Edited by Michael Marmot and Richard G Wilkinson, OUP, 292pp

Review for Health Matters 2000

This is a collection of articles by researchers associated with the International Centre for Health and Society at UCL and the ESRC Health Variations programme who produced the WHO booklet Social Determinants of Health – The Solid Facts. It is dense, fascinating and very wide ranging in every way. The effects of stress in baboons and civil servants, health records from every part of the world are marshalled to show how much we know about the mechanisms which cause poor people to be unhealthy. We have a pretty good understanding of how it happens at the population level, in the individual psychology and on a biological level. We also have a fair idea about what happens politically, and that dimension is addressed in this collection more than in most of the public health literature. But is easier to describe the way in which the development of the global agri-food monopolies damage health than to devise methods whereby the strategies of powerful corporations can be thwarted.

One of the stimulating aspects of this book is the international range of examples and studies, which make it abundantly clear that many of these problems can only be tackled globally if they are to be effective. It is also makes painfully clear that global health strategies up to now are fighting a losing battle. Wilkinson argues that income inequality affects health through perceptions of place in the social hierarchy based on relative position according to income. These perceptions produce negative emotions such as shame and distrust that are translated “inside” the body into poorer health via psycho-neuro-endocrine mechanisms and stress induced behaviours such as smoking. So policies need to tackle the structural sources of inequality. Economic growth alone will make little difference. Merely focusing on relief of the poorest will not be effective. John W Lynch has argued (BMJ 2000;320:1200-1204) that this approach is erroneous and that the structural causes of inequalities are at least as important as subjective perception of this inequality. He argues that Wilkinson’s approach leads to a concentration on personal psychological functioning which is a poor focus for public health policy.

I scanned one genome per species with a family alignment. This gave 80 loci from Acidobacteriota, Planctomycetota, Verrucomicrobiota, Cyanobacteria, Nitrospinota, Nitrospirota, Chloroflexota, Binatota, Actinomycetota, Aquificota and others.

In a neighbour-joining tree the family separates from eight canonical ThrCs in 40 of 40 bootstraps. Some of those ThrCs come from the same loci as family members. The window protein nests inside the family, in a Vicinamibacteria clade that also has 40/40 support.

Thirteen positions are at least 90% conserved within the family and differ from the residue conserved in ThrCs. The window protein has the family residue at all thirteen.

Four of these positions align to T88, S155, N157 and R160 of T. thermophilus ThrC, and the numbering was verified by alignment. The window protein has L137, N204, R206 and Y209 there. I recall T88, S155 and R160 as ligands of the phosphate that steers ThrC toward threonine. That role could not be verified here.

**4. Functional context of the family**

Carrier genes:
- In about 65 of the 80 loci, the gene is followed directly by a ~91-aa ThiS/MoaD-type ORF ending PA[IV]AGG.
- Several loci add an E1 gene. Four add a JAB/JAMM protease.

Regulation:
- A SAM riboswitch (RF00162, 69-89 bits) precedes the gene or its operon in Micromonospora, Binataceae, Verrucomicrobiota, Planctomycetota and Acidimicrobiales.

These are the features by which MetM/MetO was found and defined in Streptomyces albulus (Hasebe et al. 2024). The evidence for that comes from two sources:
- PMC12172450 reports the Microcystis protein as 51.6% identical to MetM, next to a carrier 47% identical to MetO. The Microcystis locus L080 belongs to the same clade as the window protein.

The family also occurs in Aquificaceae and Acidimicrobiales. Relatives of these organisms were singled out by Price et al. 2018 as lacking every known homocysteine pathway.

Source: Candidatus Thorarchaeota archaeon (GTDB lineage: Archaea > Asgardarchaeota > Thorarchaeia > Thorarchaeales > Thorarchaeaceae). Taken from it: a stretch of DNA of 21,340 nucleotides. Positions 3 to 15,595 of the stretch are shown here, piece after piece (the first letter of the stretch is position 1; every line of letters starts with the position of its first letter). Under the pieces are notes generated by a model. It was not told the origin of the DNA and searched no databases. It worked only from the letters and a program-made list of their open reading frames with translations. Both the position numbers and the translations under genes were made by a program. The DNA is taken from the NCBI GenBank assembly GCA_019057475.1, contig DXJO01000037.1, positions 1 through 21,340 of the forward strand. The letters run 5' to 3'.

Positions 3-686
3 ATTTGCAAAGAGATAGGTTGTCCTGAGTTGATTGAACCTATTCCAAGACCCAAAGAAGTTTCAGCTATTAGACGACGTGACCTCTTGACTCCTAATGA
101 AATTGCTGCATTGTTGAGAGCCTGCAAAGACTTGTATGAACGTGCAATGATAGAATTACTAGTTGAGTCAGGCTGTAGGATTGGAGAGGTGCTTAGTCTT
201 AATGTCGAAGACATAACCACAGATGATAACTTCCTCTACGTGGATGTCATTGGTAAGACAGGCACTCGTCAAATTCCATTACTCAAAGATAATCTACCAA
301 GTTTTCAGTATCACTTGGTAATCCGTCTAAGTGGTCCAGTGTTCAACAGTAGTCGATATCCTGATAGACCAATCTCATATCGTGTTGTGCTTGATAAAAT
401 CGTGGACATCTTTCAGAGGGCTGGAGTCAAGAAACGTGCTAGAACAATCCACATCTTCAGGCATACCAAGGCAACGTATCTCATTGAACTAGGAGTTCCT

These debates are critical for Government policy on health inequalities, a policy which at present seems to promise more than it has delivered. This book is an excellent primer for those who wish to engage in the debate about how this policy can be taken forward to make a real difference to the lives of those people whose deprivations are analysed in it’s pages.

Martin Rathfelder

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